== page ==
The Greater Scranton YMCA offers a community of diverse individuals who can support all people in meeting their health and well-being goals. Learn more by visiting or or by stopping into your local Y.  

YMCA Secures Grants to Support Summer Programs

YMCAThe Greater Scranton and Wilkes-Barre Family YMCAs are pleased to announce they have received grants from the PPL Foundation to support Power Scholars Academy at the Wilkes-Barre Family YMCA, $5,000 grant award, and the Summer Learning Loss Prevention Program at the Greater Scranton YMCA, $4,000 grant award.

Without access to educational activities during the summer, children who are already behind in reading are at risk of falling further behind their peers. For children who need additional help with their reading skills, the Greater Scranton YMCA is proud to offer a learning loss prevention program for children entering first and second grades at the Mid Valley Elementary Center.

The Summer Learning Loss Prevention Program, one of three of YMCA of the USA’s signature achievement gap programs, supports cognitive, physical and social-emotional growth while focusing on helping children read at grade level and is currently ongoing.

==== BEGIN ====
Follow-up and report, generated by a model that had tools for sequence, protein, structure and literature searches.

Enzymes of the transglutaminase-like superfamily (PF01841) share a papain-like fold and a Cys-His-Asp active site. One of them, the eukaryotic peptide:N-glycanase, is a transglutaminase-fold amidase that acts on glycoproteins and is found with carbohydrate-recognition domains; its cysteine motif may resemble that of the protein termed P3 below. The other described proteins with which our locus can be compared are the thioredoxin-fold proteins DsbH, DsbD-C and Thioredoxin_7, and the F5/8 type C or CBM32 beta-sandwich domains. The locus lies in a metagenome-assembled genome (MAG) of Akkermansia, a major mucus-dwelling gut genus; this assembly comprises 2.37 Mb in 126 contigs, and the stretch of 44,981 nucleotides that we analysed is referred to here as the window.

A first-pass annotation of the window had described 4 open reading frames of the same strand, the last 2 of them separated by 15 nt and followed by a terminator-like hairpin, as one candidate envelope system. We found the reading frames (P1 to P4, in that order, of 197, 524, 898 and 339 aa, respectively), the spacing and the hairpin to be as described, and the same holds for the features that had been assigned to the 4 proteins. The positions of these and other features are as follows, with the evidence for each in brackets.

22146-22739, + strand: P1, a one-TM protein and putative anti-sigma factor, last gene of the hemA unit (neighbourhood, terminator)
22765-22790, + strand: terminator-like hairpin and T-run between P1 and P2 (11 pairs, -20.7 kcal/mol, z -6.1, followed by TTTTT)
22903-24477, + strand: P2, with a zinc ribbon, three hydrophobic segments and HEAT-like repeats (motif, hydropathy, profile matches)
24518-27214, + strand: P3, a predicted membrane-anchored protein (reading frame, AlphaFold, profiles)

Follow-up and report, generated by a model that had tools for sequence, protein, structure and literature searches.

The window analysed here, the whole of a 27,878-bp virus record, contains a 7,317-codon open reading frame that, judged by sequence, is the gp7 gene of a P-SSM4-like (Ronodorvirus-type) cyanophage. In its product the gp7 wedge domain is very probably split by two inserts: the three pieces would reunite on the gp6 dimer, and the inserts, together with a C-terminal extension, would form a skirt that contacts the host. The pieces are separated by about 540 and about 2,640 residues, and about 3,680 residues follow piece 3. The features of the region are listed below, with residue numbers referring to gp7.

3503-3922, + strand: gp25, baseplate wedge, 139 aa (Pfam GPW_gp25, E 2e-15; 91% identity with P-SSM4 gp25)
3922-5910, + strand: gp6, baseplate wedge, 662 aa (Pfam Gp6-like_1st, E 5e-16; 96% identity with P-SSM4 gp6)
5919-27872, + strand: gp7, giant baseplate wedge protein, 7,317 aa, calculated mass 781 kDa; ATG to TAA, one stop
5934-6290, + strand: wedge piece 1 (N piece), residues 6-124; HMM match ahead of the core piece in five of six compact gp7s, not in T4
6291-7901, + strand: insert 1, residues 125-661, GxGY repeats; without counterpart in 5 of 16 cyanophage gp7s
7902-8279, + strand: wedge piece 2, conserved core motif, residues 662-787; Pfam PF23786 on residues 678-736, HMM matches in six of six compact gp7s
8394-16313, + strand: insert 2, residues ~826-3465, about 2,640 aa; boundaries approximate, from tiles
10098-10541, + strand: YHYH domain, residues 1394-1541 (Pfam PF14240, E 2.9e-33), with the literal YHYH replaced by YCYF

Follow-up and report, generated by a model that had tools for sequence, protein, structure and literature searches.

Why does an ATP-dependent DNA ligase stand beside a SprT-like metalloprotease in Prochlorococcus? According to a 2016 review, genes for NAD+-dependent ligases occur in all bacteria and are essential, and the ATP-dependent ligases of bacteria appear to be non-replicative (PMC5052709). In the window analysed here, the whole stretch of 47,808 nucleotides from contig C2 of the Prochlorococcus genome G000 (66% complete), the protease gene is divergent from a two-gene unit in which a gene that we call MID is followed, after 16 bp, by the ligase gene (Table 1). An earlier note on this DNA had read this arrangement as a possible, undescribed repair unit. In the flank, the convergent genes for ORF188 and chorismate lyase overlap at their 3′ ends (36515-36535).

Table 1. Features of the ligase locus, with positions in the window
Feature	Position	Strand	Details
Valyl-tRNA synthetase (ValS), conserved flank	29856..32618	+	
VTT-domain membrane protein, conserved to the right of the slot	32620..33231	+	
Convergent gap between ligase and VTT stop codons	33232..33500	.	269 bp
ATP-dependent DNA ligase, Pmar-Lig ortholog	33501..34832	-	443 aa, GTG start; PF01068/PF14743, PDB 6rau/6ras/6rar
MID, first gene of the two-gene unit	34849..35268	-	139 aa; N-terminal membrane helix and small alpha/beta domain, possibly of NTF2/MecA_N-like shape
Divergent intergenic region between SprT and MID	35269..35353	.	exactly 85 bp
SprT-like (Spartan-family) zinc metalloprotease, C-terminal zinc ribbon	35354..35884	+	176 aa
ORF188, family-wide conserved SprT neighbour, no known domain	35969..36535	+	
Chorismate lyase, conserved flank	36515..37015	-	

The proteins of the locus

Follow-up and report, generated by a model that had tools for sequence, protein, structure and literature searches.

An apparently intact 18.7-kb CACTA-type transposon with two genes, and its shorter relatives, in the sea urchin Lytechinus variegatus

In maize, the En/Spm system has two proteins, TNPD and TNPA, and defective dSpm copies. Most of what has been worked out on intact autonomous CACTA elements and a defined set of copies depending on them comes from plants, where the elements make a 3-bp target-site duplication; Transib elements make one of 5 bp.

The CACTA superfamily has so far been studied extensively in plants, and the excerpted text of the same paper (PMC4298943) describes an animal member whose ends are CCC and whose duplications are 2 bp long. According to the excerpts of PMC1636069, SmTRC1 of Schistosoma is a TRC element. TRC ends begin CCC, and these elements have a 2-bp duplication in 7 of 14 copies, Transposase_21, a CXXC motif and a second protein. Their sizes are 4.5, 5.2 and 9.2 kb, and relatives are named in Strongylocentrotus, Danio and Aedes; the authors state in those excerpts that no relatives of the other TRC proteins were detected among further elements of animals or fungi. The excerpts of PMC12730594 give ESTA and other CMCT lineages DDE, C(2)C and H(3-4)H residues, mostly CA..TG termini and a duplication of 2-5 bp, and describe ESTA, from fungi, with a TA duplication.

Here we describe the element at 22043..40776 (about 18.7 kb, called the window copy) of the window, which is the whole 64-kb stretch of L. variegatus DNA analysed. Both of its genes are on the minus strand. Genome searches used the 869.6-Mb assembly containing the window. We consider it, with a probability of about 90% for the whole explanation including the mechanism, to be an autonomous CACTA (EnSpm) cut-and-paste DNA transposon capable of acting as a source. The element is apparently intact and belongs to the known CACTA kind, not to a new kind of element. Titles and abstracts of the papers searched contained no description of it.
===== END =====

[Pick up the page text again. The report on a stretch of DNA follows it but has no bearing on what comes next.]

“Thanks to the generosity of partners like the PPL Foundation, the Greater Scranton & Wilkes-Barre Family YMCAs are able to continue making strides towards combating the achievement gap,” said Trish Fisher, President & CEO, Greater Scranton YMCA.

“With their support, along with the support of all of our program partners, our Ys are able to serve the children from our communities who need these programs most.”

The PPL Foundation awards annual grants through a competitive application and review process.

“The challenges we face in our communities are complex and there is no easy solution. The goal of the PPL Foundation is to bring together people, ideas and resources to tackle some of these challenges collectively,” said Lissette Santana, chief operating officer of the PPL Foundation.

“We’re proud to be able to support nonprofit organizations working to address the issues most relevant in our community.